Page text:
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Putting Your Art to Work

Nothing in your home says more about you than the art on your walls. Furniture has to serve such a multitude of purposes that often our decisions when choosing new pieces are lead by practicalities rather than the simple pursuit of beauty in our homes. Artwork however serves no practical use other than to decorate a space, meaning we are free to express ourselves in whatever way we choose.

The old adage that you can’t buy taste has never been truer than with art. Spending more money will not guarantee that everybody loves the art you choose- beauty really is in the eye of the beholder. What this means is art is for everyone, for all incomes and all ages, it can be picked up in the bargain bin of a discount store or commissioned to great expense.

A large part of successful art work is how it is hung and where it is displayed. The first thing to get right is the height you hang it. All too often people think of their art as nothing more than a tool to balance out the colour composition in a room (and as we will discuss- it is capable of doing just that), but also remember that art supposed to be viewed. Art set at the perfect height should put the centre of the composition level with your nose, thereby allowing you to take it in as a holistic piece from a balanced angle. In terms of where to hang it, putting it underneath directional spotlights will really add to the impact of the piece. To tie pieces into a room and help “ground” your art, try to hang it directly above furniture, remembering to maintain a sense of proportion. For example, whereas you would only need one large piece of artwork above a single seat settee, a three seated settee or a sideboard would probably fit better with three smaller, evenly spaced frames.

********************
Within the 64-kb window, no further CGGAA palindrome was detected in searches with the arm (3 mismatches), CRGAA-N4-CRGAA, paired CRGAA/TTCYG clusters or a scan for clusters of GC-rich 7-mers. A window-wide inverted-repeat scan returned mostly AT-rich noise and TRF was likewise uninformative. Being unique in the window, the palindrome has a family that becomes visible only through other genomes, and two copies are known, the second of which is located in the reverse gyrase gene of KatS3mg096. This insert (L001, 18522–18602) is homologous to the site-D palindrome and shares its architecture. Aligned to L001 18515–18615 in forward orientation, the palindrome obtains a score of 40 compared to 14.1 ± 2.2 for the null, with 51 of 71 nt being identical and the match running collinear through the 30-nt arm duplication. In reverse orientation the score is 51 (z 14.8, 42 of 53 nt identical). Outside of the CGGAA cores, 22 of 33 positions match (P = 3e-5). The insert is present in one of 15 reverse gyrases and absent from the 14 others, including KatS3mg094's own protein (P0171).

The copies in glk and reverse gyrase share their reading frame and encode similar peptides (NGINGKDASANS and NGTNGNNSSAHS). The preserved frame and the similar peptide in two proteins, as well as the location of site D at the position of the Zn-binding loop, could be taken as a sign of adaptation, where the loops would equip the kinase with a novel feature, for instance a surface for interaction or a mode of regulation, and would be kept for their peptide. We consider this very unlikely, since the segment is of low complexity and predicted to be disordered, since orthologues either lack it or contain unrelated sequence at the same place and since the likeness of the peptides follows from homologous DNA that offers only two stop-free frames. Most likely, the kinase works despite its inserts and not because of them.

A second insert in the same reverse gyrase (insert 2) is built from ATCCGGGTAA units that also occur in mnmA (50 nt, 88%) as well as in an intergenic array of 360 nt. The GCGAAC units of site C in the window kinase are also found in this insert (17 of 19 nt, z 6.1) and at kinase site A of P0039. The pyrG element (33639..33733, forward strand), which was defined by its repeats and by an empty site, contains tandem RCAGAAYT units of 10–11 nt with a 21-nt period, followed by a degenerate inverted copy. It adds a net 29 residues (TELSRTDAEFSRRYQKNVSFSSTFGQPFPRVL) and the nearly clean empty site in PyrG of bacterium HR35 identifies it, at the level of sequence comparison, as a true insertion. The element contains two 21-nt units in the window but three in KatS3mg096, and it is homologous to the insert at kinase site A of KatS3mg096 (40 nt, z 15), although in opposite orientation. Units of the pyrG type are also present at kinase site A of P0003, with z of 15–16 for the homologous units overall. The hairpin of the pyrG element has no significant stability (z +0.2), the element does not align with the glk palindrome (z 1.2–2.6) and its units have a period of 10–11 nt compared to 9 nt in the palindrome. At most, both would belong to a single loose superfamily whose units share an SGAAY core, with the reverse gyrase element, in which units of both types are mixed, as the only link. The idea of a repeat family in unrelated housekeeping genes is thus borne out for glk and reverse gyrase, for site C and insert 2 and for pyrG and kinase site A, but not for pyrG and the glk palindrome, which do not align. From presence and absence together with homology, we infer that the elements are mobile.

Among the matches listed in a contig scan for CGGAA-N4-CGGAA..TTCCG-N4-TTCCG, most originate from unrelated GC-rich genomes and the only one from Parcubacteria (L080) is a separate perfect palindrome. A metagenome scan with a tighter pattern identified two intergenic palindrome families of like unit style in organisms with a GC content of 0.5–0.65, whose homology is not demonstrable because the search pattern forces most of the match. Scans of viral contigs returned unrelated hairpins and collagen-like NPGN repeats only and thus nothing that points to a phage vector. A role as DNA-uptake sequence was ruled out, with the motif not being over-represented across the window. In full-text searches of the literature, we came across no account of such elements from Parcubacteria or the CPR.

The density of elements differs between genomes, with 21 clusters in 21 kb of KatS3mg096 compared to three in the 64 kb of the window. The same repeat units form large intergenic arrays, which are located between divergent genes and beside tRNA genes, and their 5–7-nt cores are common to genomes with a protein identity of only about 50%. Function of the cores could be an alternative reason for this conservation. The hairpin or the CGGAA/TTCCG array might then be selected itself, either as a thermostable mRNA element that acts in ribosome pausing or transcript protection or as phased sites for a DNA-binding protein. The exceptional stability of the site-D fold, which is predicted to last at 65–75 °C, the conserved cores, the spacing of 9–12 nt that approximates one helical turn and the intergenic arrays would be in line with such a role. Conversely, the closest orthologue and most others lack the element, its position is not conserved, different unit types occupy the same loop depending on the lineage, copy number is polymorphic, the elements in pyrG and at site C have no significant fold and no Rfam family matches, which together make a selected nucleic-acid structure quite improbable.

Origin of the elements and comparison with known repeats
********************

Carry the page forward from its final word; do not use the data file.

But what type of artwork should you choose? This really is up to you but there are some guidelines you can follow to make your art really emphasis the look you are going for in a room. In a classic or period setting, make sure the art is relevant to the era you are recreating. A Victorian themed room for example would need a country scene or formal portrait. If it is café cool 1950’s Paris you want to recreate, pair up some black wooden blinds with some with some Mondrian prints which really mirror the rhythm and contrast created by the blinds. If it is a minimal style you have created in your home and you are now trying to spread an accent colour, artwork can really help. If you have a white room with red dotted around in the shape of curtains, cushions and a rug, you can balance out the scheme by hanging modern artwork which contains similar colours on the opposing wall to your windows.

Remember, choosing the correct frame is almost as important as the art itself. Add warmth with a natural wooden frame or some retro cool with brushed steel. A huge ornate, oversize frame will really ensure your artwork gets noticed, whereas a simple sheet of frameless glass will help it fit in your scheme without any fuss.

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